Background: The management of subclinical hypothyroidism (SH) is still challenging in particular for mild forms with TSH levels ranging between 4.5 and 10 mU/L. Although SH in children seems to be a bening condition, ongoing scientific investigations have highlighted the presence of subtle proatherogenic abnormalities among children with modest elevations in their TSH levels. Data on cardiac performance in children with SH are still scanty.
Aim: To compare left ventricular (LV) geometry and function of SH subjects in comparison to healthy comparable controls before and after a trial with levo-thyroxine (L-T4) therapy.
Methods: Thirty-six (36) children (19 females and 17 males), aged 8.5±0.6 years, with persistent SH (at least 2 years) and 36 euthyroid matched controls were enrolled in the study. At study entry height, BMI, heart rate (HR), systolic (SBP) and diastolic bloody pressure (DBP) were assessed and Doppler echocardiography was performed in all subjects. Twenty-two SH children, who accepted to start L-T4 therapy, were reevaluated after 2 years of treatment and 22 matched controls were observed throughout the same period.
Results: LV size and systolic function were comparable between SH subjects and controls at baseline and increased similarly over time, whereas SH children showed a significant prolongation of isovolumic relaxation time (IVRT) (85.95±2.72 msec) compared to controls (78.82±2.27 msec, P<0.05), even-though still within normal values for age. In the 22 SH children who underwent L-T4 therapy, the IVRT significantly decreased (74.61±3.25 msec) versus baseline value (85.47±2.89 msec, P<0.05) and became similar to controls (74.92±1.18 msec). No significant differences in HR, SBP and DBP were detected between SH subjects and controls.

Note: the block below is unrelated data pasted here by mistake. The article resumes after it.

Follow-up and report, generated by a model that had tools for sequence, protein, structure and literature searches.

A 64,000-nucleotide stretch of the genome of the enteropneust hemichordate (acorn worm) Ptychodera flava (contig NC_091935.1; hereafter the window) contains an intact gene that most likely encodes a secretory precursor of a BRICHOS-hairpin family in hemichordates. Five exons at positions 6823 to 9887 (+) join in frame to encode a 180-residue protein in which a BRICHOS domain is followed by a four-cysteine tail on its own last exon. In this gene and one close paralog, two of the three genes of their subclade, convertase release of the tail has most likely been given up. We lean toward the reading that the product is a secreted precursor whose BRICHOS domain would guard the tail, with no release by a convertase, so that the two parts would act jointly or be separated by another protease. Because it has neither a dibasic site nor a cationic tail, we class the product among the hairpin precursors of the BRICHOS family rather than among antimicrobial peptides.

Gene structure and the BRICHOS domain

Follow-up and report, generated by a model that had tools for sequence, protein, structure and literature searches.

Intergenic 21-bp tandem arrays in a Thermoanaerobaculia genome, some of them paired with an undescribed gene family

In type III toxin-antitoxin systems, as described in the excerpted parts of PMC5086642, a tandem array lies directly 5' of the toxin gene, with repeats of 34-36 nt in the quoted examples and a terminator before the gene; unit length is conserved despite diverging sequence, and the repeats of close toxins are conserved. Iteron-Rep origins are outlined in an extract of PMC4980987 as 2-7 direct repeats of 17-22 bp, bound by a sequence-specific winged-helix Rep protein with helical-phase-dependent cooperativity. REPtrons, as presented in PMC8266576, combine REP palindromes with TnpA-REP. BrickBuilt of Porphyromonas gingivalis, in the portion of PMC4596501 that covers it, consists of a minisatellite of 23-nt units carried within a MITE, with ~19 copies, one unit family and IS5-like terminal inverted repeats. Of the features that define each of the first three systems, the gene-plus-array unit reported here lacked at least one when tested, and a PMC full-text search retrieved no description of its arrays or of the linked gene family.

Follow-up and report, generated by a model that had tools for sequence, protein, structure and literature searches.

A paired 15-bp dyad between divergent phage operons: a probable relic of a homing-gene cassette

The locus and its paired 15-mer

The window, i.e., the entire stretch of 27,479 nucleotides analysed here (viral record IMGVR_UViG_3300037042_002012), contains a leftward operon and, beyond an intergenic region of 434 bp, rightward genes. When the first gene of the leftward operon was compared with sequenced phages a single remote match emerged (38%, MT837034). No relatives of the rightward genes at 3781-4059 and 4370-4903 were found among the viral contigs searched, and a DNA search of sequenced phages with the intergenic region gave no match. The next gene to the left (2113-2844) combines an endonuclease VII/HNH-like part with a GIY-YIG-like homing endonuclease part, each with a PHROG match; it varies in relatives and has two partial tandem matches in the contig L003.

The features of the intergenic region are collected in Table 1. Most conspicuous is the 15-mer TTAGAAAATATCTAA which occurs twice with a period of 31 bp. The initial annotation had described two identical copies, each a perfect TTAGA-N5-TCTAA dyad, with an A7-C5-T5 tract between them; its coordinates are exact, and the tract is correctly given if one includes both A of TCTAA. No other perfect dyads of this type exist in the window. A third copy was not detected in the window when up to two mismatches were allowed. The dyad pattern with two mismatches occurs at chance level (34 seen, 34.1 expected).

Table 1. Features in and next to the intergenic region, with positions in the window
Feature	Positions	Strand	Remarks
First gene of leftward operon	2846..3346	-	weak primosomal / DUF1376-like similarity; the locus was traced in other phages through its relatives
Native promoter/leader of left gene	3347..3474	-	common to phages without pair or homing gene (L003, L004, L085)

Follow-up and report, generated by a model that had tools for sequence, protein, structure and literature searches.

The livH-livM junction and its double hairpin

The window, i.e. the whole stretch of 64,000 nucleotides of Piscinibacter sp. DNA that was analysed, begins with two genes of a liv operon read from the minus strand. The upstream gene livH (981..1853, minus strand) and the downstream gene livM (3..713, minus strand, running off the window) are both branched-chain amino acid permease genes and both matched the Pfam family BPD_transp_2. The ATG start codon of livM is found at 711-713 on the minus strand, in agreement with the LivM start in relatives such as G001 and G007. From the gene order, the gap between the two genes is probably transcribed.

Conclusions: Long lasting mild SH in children seems to be associated with mild subclinical diastolic dysfunction, which improved with L-T4 therapy. Whether this subtle alteration may lead to clinical consequences should be further investigated.
18 - 21 May 2019
European Society of Endocrinology